Losin' Streak was one of two albums released by Ray Stevens in 1973. The other album, Nashville, is the one that was more commercially successful by comparison. Losin' Streak features 11 songs as well...all of the songs are non-comical. One of the recordings, "Laid Back", is an instrumental. Ray included an instrumental on Nashville as well...on that album "Float" is the instrumental. On Losin' Streak we get to hear Ray do some studio experimentation with microphone techniques and overall sound quality...according to reports I've read this was his first album recorded at his own studio which had the name of The Ray Stevens Sound Laboratory. His voice is crisp and clear...and he belts out a lot of songs on this particular collection. "This Is Your Life" demonstrates the experimental efforts during the post-production. "Bye Bye Love" is his take on the bouncy Everly Brothers pop hit...and in Ray's hands the song is transformed from a bouncy sing-a-long to a melancholy ballad.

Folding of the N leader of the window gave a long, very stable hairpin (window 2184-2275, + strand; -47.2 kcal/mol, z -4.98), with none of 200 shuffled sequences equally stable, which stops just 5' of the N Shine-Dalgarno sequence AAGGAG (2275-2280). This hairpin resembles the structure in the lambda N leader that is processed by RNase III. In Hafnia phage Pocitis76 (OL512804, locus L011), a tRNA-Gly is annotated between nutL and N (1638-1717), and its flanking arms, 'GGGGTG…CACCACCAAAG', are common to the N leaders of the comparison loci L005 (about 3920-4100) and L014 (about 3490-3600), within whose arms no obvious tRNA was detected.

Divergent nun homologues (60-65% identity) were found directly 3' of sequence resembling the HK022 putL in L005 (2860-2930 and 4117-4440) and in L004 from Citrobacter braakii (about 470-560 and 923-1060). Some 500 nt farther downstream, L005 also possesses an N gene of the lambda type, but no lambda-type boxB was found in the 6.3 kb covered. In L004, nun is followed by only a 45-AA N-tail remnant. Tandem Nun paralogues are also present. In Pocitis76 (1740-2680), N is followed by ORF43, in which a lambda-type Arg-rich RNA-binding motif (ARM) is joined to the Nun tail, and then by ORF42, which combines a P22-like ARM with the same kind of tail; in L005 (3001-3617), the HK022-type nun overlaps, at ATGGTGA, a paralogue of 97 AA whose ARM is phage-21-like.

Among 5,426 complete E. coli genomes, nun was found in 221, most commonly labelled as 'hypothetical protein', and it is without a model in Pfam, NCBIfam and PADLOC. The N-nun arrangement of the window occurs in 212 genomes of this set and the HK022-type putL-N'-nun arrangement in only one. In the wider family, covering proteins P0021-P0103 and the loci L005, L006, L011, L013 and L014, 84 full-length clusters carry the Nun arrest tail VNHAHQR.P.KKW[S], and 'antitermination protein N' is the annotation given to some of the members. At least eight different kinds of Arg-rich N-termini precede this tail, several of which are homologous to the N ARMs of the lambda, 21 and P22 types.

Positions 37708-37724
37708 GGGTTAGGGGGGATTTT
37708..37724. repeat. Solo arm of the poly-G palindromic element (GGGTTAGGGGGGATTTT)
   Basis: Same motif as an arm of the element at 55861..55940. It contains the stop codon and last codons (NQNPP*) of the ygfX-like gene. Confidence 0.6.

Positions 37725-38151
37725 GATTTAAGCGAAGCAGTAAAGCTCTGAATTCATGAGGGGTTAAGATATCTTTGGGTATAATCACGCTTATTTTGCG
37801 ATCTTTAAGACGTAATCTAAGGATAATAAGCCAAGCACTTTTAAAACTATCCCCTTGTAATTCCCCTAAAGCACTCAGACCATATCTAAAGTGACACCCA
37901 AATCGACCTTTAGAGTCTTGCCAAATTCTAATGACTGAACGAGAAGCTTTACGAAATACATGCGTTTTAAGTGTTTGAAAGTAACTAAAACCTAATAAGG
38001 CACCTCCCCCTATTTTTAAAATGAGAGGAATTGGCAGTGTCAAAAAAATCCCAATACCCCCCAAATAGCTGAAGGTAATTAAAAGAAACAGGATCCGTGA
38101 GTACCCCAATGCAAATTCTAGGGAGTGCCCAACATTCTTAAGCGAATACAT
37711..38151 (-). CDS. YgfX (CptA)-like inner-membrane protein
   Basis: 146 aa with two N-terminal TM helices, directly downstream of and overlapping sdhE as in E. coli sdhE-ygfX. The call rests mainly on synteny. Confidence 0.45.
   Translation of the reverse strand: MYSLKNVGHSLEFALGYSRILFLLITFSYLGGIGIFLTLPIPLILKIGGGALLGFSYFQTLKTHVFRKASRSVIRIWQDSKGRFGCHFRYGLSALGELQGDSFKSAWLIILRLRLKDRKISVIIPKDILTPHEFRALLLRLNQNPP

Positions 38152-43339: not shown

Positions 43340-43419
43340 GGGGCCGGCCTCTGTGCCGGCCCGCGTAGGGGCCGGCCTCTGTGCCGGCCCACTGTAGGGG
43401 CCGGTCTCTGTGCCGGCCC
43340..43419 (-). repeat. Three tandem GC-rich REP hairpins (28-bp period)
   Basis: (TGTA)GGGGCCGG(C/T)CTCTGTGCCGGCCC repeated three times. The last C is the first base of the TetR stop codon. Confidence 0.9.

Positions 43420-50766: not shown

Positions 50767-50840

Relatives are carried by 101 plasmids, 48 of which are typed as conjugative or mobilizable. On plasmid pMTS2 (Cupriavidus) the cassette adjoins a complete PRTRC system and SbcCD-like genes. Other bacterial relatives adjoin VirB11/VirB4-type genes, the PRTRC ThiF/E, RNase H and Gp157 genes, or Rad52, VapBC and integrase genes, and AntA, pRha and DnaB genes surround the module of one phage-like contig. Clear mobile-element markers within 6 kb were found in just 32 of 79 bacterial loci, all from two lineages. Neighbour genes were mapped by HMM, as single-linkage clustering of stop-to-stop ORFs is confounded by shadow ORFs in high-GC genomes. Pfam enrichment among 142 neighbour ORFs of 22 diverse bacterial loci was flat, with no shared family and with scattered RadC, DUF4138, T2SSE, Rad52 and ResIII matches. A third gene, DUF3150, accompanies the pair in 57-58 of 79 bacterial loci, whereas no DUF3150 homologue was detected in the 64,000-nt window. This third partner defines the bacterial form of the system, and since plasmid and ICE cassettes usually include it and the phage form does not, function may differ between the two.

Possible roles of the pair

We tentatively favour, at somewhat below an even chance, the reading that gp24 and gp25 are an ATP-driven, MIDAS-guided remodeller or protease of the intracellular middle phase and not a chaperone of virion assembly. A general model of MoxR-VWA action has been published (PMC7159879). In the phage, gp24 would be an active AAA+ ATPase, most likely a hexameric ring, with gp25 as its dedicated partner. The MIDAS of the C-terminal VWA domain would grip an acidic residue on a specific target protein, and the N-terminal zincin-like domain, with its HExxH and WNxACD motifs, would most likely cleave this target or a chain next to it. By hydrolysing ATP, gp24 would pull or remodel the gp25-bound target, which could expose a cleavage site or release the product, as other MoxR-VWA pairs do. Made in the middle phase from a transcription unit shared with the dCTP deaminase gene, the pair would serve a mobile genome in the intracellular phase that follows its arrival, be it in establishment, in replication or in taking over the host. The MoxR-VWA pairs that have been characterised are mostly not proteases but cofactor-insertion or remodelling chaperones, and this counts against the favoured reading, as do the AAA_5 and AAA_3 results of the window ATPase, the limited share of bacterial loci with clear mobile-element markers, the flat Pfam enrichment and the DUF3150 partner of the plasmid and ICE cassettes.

"Inside" is a motivational song and one of my favorites...and then there's the clever "Idaho Wine" which tells the story of a mismatched couple. Ray offers another cover song, "Easy Loving", which was a gigantic hit for Freddie Hart in 1971. Hart had also written the song. The title track, "Losin' Streak", is a song about a man with a gambling problem and how it interferes with his personal life. It's a song with some rather unusual phrasing that's for was written by a writer by the name of Nick Van Maarth. It's on this album that Ray does a wonderful re-recording of an earlier song he wrote and recorded while at Mercury, "Just One of Life's Little Tragedies". A few words about "What Do You Know?"...I've never known of any songs that seriously examine the inner psyche or ponder the human mind's abilities and weaknesses as this song does. It's a song that comes off as if it was written by Sigmund Freud. Losin' Streak remains the only album that Ray recorded for Barnaby Records to not get a re-issue of some kind. Several years ago all of Ray's studio albums on Barnaby got re-issued except this one...and it continues to remain a mystery as to why this album is overlooked and hasn't had a proper re-issue yet.

A few words about Ray Stevens...